Yelp CEO Jeremy Stoppelman poses at his company's headquarters in San Francisco on August 1, 2014.
Photograph by Eric Risberg — AP

The Federal Trade Commission has closed a second inquiry into the online review service's business practices without taking action.

By Benjamin Snyder
January 6, 2015

For the second time, the Federal Trade Commission opened an inquiry into local review site Yelp and complaints by business owners about how it handles negative critiques. And for the second time, the agency has declined to bring a case against Yelp for any wrongdoing.

Yelp trumpeted the news Tuesday in a blog post.

“The FTC recently concluded a deep inquiry into our business practices and informed us that it will not be taking any action against Yelp,”said Vince Sollitto, a company spokesman.

Small businesses owners have long been up in arms against Yelp, claiming that it takes too long to take down fake reviews. They have also accused the company of purposely placing negative ads in top positions for companies that don’t pay for advertising, as a sort of extortion.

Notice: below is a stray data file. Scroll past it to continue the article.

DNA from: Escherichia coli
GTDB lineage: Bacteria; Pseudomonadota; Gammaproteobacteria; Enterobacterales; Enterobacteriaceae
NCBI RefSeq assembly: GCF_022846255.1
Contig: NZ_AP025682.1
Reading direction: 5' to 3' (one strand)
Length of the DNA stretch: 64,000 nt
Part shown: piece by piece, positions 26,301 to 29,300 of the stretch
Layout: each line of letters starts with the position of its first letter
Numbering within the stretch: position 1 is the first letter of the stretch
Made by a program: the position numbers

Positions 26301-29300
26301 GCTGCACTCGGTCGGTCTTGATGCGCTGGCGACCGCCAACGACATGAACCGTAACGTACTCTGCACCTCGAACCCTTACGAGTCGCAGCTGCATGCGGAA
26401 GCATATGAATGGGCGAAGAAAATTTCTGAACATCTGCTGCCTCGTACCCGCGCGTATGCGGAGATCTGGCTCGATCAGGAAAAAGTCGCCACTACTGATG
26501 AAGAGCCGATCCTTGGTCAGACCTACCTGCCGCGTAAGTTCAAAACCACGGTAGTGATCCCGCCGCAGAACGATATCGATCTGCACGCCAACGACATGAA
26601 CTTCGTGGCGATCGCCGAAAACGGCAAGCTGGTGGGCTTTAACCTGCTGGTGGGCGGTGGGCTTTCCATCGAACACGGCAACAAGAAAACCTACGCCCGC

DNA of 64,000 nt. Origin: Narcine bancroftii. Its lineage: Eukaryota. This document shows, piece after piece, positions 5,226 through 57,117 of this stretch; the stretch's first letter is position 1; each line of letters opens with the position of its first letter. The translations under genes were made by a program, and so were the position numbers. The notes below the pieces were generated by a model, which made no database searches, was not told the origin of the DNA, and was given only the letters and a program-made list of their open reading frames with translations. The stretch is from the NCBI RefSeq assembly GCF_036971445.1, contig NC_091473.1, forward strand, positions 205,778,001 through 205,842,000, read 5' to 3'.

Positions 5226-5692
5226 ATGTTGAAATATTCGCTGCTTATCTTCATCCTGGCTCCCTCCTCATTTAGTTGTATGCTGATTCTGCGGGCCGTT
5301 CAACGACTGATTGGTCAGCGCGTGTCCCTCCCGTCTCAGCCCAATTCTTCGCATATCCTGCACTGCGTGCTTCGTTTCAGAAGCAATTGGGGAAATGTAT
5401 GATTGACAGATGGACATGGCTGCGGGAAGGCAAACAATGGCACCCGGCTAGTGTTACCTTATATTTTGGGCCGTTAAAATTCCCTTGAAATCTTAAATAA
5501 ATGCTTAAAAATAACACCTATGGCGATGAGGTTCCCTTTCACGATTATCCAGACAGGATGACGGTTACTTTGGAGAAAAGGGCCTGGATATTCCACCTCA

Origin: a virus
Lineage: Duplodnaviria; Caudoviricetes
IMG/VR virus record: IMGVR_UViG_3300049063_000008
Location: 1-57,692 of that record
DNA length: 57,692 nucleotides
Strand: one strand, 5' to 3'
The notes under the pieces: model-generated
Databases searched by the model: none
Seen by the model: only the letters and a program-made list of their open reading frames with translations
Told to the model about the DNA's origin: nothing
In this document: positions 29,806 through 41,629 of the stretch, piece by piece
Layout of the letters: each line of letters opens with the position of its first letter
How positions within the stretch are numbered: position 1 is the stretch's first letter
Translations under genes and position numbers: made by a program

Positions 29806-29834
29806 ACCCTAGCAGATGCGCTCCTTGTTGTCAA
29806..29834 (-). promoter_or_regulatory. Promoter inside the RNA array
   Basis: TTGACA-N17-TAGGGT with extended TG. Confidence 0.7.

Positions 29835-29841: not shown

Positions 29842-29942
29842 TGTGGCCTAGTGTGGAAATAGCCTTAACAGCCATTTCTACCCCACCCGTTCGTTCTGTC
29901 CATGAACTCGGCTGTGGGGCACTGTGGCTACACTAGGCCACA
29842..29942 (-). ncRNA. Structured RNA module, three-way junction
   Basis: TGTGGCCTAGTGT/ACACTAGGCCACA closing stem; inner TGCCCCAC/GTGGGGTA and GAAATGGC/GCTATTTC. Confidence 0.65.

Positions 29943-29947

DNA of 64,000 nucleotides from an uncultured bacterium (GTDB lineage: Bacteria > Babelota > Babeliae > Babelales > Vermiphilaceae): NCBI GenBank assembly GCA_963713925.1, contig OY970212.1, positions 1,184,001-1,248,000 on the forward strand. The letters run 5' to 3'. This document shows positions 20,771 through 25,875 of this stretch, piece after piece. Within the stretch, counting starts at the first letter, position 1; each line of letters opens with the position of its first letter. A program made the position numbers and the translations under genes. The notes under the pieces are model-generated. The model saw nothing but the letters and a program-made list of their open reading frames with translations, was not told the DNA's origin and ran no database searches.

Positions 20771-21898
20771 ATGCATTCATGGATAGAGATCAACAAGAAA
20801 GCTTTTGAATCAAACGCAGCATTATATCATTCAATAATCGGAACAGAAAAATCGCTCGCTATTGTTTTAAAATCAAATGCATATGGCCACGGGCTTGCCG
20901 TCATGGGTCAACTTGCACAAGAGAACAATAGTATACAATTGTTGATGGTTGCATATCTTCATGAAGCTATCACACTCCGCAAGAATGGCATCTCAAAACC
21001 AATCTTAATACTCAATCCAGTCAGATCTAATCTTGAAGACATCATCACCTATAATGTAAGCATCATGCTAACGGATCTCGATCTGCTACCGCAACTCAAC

In April, The Wall Street Journal reported that the FTC received over 2,000 consumer complaints against Yelp from 2008 to March 2014. In September, a federal appeals court dismissed a suit by a group of small business owners claiming that Yelp manipulated reviews appearing in their profiles.

“The reason millions of people around the world use Yelp every day to find great local businesses is because they trust the content,” wrote Sollitto. “That’s why we take so many steps to prevent gaming of our system and to protect consumers and business owners alike — and why we would never do anything to jeopardize that trust.”

The FTC was not immediately available for comment.

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